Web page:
Over the weekend a strange document leaked from Microsoft that quickly spread into numerous cloud storage venues outlining a long-term plan for the Xbox 720. The video game console giant was extremely slow to move to do anything about the leak and also languorously began to send out copyright notices to various settings to have the document removed. The 56-page document is currently become a center point of a certain amount of speculation about the future of the Xbox; but now people are wondering if it was an intentional leak or not.
The document at first looked interesting. Tom Warren at The Verge dissected some of what appeared in the leak, including a $299 future console, Kinect 2, and potentially even Kinect Glasses.
As the week wore on, news began to trickle down that cloud-storage outlets were being told by Microsoft to remove the document. Reports come from The Verge as well as a Czech tech site, and even the cloud-hosting service Dropbox. “Ihned.cz, a technology site based in Czech Republic, received a notice over the weekend from Alan Radford, Internet Investigator on behalf of Microsoft.”
Xbox 720 Rumors Revisited
Aside from the potential console only costing $299, there’s quite a few other rumors to pick out of this document:
Microsoft outlines a competitive differentiation for its next-generation Xbox, including support for Blu-ray, native 3D output and glasses, concurrent apps, and additional sensor and peripheral support. Alongside a promised 6x performance increase, there’s also mention of true 1080p output with full 3D support and an “always on” state for the console. A slide on core hardware indicates that the next Xbox will be designed to be scalable in the number of CPU cores and their frequencies. Microsoft appears to have been debating whether to use six or eight ARM or x86 cores clocked at 2GHz each with 4GB of DDR4 memory alongside three PPC cores clocked at 3.2GHz each for backwards compatibility with existing Xbox 360 titles.
Other than these little bits of dissection brought from The Verge, the document seemed pretty lax in overall technical specifications.
And Microsoft’s reply to press outfits about the document and why they’re sending out copyright notices to take it down have been met with vague nonsense. Instead of not commenting on the subject, Microsoft has turned this into a marketing ploy to talk about the Xbox 360.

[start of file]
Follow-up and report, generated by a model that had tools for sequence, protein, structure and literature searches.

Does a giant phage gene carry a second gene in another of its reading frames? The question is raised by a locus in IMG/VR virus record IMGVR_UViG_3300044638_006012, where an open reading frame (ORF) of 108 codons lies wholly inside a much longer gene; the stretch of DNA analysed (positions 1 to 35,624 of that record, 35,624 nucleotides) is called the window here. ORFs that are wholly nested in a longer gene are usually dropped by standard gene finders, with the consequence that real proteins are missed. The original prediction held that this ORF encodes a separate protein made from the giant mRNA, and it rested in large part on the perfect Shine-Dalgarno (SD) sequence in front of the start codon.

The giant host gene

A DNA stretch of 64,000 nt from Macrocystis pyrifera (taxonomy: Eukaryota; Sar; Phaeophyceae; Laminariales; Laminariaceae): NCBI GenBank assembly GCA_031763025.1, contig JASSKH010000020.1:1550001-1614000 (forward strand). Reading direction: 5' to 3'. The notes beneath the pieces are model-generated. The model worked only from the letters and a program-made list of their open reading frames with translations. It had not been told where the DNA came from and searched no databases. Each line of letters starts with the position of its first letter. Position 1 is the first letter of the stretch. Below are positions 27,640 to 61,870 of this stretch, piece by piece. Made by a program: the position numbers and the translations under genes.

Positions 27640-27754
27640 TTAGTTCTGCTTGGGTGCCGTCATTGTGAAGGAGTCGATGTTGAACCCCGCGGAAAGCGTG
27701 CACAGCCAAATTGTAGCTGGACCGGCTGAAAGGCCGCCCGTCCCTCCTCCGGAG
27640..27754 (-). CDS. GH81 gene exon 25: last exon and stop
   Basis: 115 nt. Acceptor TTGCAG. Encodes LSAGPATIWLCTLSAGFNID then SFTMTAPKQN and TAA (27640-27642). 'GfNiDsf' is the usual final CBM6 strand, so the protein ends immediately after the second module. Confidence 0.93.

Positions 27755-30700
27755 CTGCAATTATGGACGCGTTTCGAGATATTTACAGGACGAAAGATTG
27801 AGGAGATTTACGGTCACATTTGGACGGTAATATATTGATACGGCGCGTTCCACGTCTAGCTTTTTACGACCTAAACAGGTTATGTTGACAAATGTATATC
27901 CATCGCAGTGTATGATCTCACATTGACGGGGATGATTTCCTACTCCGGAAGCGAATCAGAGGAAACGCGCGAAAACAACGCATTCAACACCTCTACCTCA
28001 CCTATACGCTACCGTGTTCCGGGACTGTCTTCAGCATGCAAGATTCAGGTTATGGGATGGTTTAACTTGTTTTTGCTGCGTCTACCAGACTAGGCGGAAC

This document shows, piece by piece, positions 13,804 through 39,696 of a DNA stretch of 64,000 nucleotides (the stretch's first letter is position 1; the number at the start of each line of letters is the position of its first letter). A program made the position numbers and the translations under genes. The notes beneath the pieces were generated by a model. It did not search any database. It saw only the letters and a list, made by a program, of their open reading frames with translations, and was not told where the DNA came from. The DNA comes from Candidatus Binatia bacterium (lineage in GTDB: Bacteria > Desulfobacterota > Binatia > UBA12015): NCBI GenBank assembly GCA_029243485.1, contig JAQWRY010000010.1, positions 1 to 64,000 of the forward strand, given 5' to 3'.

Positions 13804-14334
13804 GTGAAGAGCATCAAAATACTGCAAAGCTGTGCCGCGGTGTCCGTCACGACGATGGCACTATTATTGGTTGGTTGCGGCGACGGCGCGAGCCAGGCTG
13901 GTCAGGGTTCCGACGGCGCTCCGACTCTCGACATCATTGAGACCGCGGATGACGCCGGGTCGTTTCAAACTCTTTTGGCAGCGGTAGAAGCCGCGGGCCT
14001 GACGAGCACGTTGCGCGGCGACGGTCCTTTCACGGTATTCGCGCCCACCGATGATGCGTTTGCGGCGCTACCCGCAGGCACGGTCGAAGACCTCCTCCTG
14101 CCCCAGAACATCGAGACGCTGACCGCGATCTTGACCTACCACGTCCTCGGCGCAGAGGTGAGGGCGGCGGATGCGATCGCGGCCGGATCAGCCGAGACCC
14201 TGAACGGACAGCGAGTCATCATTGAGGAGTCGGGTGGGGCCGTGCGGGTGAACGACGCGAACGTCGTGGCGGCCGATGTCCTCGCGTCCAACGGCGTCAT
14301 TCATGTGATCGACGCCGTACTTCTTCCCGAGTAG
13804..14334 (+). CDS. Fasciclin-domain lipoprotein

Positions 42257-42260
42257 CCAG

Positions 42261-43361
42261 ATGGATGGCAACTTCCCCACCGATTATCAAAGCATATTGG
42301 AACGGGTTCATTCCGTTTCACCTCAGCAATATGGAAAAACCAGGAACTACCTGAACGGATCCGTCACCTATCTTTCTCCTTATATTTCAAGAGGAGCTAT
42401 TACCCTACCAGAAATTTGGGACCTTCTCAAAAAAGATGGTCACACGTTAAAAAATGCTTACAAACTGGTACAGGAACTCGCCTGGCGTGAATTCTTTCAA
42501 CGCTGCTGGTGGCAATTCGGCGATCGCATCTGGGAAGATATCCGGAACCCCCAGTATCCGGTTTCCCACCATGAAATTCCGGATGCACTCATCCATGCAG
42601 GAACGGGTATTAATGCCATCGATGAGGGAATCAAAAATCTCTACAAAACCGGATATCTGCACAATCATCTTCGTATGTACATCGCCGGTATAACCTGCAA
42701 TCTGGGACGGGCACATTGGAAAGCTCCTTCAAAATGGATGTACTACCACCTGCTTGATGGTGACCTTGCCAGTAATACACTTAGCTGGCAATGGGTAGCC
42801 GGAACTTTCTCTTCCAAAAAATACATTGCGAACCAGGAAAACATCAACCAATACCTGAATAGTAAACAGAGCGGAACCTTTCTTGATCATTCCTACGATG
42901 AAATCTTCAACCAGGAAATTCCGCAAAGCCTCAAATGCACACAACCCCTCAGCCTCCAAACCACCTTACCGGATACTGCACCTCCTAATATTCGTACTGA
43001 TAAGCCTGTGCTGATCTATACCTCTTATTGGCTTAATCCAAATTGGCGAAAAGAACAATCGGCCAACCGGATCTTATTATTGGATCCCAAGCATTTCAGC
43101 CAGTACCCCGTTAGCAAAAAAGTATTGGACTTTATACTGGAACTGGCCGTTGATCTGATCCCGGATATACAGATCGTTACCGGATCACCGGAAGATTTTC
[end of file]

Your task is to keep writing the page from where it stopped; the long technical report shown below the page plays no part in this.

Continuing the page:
Microsoft Kinect Glasses?
What really caught our eye at SiliconANGLE, however, is this the Kinect Glasses—no doubt a type of augmented reality device designed to take some of the steam out of Google Glasses, but probably gaming-entertainment oriented. We’ve been burned by Xbox rumors before so this will certainly be taken with a grain of salt; such as expecting that the E3 “tablet-based technology” Surface or SmartGlass might be Xbox related (okay nobody thought that was really a possibility) and leaks about what video card might slot into the Xbox 720.
Microsoft lays out a roadmap for its “Fortaleza” Kinect Glasses — which appears to be a research project the company is working on. There’s little mention of the hardware involved, but the glasses appear to be Wi-Fi- or 4G-enabled and incorporate augmented reality in a way that’s similar to Google’s Project Glass augmented reality glasses. Described as a “breakthrough heads up and hands-free device,” Kinect Glasses is marked as a 2014 product that won’t launch alongside the Xbox 720 console. Microsoft doesn’t provide any specifics about how the glasses will work on the Xbox, but they do appear to be designed to be mobile for use away from the console.
Microsoft has a huge potential technology here and after watching them nearly bungle the Kinect, the concept of Kinect Glasses could be an eye watering experience.
The Google Glasses project could bring us the advent of augmented eyewear, the horizon of a second-layer of metadata while interacting without a screen. That in-of-itself will be a brilliant addition to the user interfaces we already have—however, I’ve mentioned before that the next step to bring this sort of UI to life will be gesture detection and recognition.
Kinect technology to the rescue?
A pair of tiny cameras set on the sides of augmented reality glasses would be able to give stereoscopic “vision” to a controller chip that could “see” your hands while you’re using the glasses. As a result Microsoft wouldn’t need a surface or a screen to project a Minority Report-like interface onto, it would display inside the glasses, and because the Kinect-technology would be able to judge the depth and position of your hands you could interact with the augmented reality without a second interface.
This is exactly what comes to mind when a report mentions a “breakthrough heads up and hands-free device.”
The only problem is that right now it’s a huge tease.